Protect Your Home Electronics from Lightning

December 2002

Today's homeowners have more to lose

Take a moment to calculate the value of all your home electronic gear-televisions, DVDs or VCRs, computers, stereos, game boxes, printers, fax machines, telephones, security systems and other equipment typically found in homes today-and you'll quickly realize the potential damage a lightning strike could do. And it only takes one such strike to turn some of your prized possessions into toast.

Severe thunderstorms may occur only a few days each year in many locales, but when a storm does pass through, the number of strikes it produces can be alarming. Lightning takes more lives and causes more property damage than hurricanes or earthquakes.

And it doesn't take a direct strike to destroy thousands of dollars of electronic equipment. Because most electrical circuits and communications networks connect to the outdoors, a near-miss that hits a tree or other object outside a home can still wreak havoc on equipment installed inside. To minimize the risk, every home should be shielded by some level of lightning protection.

Although much about lightning remains a mystery, the technology behind lightning-protection systems has advanced considerably. These systems are routinely installed in commercial and industrial buildings, and their effectiveness is well documented by organizations such as the Lightning Protection Institute (LPI), a nationwide nonprofit organization.

Lightning protection systems do not attract lightning to structures, nor do they repel it. Rather, these systems intercept the lightning and channel the energy onto a low-resistance path. This safely discharges, or "grounds," the electrical current to the earth.

Computer and electronic stores sell surge suppressors that offer protection from sudden electrical overloads, commonly referred to as voltage surges or spikes. They may be installed in your load center where the electricity enters the home, or they may be plug-in units at the point of use. These latter units should not be confused with true lightning arrestors, however. A certified lightning protection system for a home may cost anywhere from $1,500 to $4,500, but it provides a much higher level of protection. In lightning-prone areas, many homeowners have learned that they can't afford to be without this protection.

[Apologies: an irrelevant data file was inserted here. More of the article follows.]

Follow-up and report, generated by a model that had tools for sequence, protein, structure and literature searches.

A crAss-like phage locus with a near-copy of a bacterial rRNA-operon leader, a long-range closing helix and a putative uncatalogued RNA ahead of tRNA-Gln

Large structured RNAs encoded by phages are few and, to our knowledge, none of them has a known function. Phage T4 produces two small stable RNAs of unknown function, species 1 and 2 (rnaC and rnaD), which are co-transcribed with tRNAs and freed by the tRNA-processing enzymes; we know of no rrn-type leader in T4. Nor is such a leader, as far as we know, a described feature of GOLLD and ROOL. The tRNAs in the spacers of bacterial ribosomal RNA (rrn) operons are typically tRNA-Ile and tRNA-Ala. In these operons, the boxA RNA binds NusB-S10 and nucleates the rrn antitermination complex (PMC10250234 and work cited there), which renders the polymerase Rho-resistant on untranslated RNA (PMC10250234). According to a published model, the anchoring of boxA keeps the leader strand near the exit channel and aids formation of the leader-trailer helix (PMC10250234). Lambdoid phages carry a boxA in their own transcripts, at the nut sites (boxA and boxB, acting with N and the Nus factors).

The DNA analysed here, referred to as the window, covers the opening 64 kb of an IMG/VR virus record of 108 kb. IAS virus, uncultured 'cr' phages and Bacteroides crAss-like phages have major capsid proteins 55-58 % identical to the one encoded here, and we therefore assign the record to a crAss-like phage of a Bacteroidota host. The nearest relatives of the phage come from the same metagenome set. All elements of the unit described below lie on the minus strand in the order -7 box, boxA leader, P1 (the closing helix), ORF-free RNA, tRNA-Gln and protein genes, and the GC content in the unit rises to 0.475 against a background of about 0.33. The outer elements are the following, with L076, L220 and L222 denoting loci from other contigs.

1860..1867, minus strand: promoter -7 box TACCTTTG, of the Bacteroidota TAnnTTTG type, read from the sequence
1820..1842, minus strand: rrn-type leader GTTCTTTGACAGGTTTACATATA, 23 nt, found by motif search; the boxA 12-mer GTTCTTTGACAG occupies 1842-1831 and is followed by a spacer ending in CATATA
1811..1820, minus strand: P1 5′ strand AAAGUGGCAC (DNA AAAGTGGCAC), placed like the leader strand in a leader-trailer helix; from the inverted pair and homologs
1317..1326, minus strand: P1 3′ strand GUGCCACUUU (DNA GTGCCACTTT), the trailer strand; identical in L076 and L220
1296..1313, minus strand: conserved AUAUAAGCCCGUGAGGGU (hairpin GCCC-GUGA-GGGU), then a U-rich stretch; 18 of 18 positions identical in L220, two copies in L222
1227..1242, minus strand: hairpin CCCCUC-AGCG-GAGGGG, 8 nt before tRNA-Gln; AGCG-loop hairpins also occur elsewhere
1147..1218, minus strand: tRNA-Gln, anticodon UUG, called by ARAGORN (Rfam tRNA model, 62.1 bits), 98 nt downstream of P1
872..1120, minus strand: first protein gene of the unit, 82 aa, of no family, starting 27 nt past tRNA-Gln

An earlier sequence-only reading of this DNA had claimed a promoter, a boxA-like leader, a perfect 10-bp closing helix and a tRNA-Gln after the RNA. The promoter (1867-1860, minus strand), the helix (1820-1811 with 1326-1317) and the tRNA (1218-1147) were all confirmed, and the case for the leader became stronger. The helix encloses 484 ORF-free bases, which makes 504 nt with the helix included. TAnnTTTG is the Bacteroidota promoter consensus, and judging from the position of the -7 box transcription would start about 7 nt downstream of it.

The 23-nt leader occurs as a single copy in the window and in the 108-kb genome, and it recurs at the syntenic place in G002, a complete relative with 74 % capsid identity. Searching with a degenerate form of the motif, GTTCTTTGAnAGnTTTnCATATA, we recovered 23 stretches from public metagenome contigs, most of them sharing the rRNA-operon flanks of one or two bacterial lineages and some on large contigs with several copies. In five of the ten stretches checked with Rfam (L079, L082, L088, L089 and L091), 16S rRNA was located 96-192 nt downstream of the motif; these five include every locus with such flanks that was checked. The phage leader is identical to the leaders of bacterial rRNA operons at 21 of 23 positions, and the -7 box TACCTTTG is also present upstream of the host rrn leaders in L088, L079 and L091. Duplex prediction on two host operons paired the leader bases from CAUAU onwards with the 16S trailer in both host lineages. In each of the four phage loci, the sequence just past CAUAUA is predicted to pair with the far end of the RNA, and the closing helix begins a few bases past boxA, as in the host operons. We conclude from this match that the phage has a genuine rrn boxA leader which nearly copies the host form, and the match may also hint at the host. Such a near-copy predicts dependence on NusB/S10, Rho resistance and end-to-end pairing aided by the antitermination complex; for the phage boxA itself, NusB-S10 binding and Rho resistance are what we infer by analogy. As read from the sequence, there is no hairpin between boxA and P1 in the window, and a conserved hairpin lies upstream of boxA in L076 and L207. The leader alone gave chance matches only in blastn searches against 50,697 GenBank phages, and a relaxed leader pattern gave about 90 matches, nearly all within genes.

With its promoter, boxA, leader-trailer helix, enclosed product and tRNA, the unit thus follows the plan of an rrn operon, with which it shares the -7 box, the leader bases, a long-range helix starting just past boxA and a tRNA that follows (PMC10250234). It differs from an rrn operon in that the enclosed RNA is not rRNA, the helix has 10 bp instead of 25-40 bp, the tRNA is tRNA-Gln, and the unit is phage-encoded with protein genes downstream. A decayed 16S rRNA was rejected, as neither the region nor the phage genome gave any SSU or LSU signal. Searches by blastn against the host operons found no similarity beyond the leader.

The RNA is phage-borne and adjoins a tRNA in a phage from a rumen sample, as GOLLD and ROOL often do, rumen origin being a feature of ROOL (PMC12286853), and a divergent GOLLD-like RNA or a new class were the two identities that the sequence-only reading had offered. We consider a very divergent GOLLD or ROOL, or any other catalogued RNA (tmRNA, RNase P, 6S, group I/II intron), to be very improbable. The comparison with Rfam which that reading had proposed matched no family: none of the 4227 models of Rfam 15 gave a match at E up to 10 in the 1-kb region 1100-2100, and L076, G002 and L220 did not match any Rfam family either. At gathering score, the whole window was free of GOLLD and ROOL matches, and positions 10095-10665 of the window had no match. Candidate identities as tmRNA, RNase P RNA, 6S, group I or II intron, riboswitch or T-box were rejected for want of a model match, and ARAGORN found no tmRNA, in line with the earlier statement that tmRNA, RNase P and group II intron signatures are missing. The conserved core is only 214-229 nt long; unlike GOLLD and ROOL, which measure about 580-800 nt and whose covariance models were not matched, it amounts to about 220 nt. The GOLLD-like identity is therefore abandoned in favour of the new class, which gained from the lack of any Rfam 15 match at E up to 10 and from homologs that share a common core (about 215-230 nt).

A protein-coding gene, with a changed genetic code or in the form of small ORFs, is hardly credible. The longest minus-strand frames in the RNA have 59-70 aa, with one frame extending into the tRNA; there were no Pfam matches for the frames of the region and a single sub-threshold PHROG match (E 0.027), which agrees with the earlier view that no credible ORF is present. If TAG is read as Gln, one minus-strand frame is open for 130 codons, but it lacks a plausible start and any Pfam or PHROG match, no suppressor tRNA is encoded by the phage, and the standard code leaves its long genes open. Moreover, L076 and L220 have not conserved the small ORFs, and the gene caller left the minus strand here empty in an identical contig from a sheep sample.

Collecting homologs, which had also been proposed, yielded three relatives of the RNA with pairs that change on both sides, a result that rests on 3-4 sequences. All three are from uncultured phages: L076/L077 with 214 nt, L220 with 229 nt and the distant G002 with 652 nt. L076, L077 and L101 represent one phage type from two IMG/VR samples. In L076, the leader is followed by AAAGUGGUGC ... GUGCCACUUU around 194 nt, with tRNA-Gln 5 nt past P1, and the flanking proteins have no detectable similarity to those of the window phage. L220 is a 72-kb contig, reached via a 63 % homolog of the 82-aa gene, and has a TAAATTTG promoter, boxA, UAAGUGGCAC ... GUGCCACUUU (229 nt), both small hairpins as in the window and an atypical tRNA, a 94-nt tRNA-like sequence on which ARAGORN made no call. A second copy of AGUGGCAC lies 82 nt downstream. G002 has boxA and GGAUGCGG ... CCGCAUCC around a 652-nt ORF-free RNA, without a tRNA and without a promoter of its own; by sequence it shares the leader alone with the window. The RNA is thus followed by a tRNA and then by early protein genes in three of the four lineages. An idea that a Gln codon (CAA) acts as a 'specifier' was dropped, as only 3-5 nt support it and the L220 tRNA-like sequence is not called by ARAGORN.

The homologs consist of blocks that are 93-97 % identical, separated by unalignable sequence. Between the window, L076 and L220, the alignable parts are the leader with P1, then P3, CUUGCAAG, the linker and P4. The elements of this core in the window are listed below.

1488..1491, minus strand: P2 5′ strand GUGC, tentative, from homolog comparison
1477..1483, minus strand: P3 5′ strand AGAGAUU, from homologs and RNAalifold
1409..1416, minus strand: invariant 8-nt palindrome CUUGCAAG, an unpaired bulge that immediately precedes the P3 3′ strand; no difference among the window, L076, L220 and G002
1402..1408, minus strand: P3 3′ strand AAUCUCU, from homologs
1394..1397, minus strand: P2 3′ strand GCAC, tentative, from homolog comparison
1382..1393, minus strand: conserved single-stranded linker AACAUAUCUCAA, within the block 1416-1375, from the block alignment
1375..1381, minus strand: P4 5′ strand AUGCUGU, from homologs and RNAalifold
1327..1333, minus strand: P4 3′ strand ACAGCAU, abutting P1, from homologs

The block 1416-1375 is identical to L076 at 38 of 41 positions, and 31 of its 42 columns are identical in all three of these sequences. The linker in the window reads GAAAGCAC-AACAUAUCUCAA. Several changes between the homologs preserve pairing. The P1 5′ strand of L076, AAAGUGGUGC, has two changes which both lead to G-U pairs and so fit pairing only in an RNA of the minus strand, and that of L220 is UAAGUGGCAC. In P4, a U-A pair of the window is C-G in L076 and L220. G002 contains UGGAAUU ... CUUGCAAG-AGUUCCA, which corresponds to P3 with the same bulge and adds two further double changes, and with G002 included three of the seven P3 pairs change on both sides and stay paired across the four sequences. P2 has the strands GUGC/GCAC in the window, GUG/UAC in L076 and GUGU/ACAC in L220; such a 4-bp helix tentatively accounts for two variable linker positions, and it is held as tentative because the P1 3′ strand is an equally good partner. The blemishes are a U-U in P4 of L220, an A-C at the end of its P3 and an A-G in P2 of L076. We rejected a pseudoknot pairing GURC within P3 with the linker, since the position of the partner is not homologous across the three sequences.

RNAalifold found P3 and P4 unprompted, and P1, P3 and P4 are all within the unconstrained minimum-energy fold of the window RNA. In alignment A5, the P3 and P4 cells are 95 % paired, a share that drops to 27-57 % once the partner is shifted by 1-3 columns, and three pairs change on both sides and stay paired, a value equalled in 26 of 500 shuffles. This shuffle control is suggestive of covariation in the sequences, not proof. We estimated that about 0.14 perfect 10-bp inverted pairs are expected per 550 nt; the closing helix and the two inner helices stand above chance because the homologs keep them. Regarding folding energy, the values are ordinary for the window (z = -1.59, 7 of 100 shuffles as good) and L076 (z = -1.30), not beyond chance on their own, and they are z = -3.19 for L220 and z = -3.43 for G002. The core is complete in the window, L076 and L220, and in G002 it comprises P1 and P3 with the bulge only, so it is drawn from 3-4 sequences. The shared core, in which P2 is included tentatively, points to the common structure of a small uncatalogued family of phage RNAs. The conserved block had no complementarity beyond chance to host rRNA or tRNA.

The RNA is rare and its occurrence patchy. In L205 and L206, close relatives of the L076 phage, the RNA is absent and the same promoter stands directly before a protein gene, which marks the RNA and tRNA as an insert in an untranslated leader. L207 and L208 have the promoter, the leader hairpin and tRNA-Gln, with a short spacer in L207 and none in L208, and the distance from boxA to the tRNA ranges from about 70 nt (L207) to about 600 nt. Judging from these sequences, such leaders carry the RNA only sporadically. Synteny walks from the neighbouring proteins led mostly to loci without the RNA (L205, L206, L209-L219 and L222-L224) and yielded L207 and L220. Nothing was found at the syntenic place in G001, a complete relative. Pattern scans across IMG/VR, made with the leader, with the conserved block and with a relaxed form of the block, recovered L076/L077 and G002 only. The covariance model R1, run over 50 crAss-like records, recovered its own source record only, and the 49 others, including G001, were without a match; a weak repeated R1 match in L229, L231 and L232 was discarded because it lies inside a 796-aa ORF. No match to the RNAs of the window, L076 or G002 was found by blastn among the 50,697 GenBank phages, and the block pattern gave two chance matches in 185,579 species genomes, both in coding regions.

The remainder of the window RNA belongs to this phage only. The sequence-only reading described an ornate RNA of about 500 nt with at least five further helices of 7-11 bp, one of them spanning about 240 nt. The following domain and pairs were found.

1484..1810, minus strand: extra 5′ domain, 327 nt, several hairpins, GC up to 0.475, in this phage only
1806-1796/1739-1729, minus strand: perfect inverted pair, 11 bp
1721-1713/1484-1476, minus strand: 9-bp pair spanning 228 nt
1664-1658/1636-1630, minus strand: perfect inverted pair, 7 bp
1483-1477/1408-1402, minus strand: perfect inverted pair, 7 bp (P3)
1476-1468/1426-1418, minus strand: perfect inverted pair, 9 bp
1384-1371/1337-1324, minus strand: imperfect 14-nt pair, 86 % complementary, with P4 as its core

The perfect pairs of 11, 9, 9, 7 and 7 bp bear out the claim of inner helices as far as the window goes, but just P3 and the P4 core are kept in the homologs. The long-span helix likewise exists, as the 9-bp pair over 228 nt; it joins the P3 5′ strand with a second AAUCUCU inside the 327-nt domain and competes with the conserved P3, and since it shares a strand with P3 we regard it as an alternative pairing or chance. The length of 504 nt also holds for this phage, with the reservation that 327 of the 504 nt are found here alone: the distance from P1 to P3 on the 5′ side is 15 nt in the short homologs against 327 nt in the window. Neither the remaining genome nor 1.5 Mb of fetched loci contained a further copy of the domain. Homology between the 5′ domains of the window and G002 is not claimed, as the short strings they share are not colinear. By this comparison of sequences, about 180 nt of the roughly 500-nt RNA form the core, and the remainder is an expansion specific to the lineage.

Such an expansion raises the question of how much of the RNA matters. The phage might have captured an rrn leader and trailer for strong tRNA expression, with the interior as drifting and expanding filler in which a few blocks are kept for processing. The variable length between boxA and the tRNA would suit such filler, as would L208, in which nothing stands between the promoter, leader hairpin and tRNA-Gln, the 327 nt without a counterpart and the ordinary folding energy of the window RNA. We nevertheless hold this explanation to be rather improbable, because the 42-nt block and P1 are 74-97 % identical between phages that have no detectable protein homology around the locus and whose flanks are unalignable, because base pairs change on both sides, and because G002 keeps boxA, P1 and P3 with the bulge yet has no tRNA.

A certified lightning protection system is made up of four separate yet interconnected components that work together to form a multi-layered shield. This system includes:

  • Lightning rods or "air terminals." These metal devices are installed on the roof to intercept and divert lightning to earth before it can affect a home's electrical circuits.
  • Grounding conductors. Typically of heavy-gage copper wire, conductors connect the lightning rods to a ground point and form a path to carry high-intensity electrical surges away from the home.
  • Ground terminations (electrodes) such as solid copper-clad rods or rings buried outside the home. Electricity diverted to ground through these electrodes dissipates harmlessly into the earth.
  • Surge suppressors. These point-of-use appliances are installed in the home's electrical system or wherever electronic equipment is used and form a last line of defense against transient electrical overloads. (Remember: surge suppressors must be well-grounded to work properly.)

Lightning protection systems must be installed correctly and tested by a certified technician to ensure that all components perform correctly. Ground terminations, in particular, must be checked for resistance, which measures how effectively electricity will discharge into the surrounding earth. Soil and site conditions can vary and, if the electrical ground is faulty, the lightning protection system may not work at all. Conversely, a properly functioning electrical grounding system can actually improve the operation of electronic equipment.

You can also visit CDA's Building Wire section more information about residential electrical wiring. TOP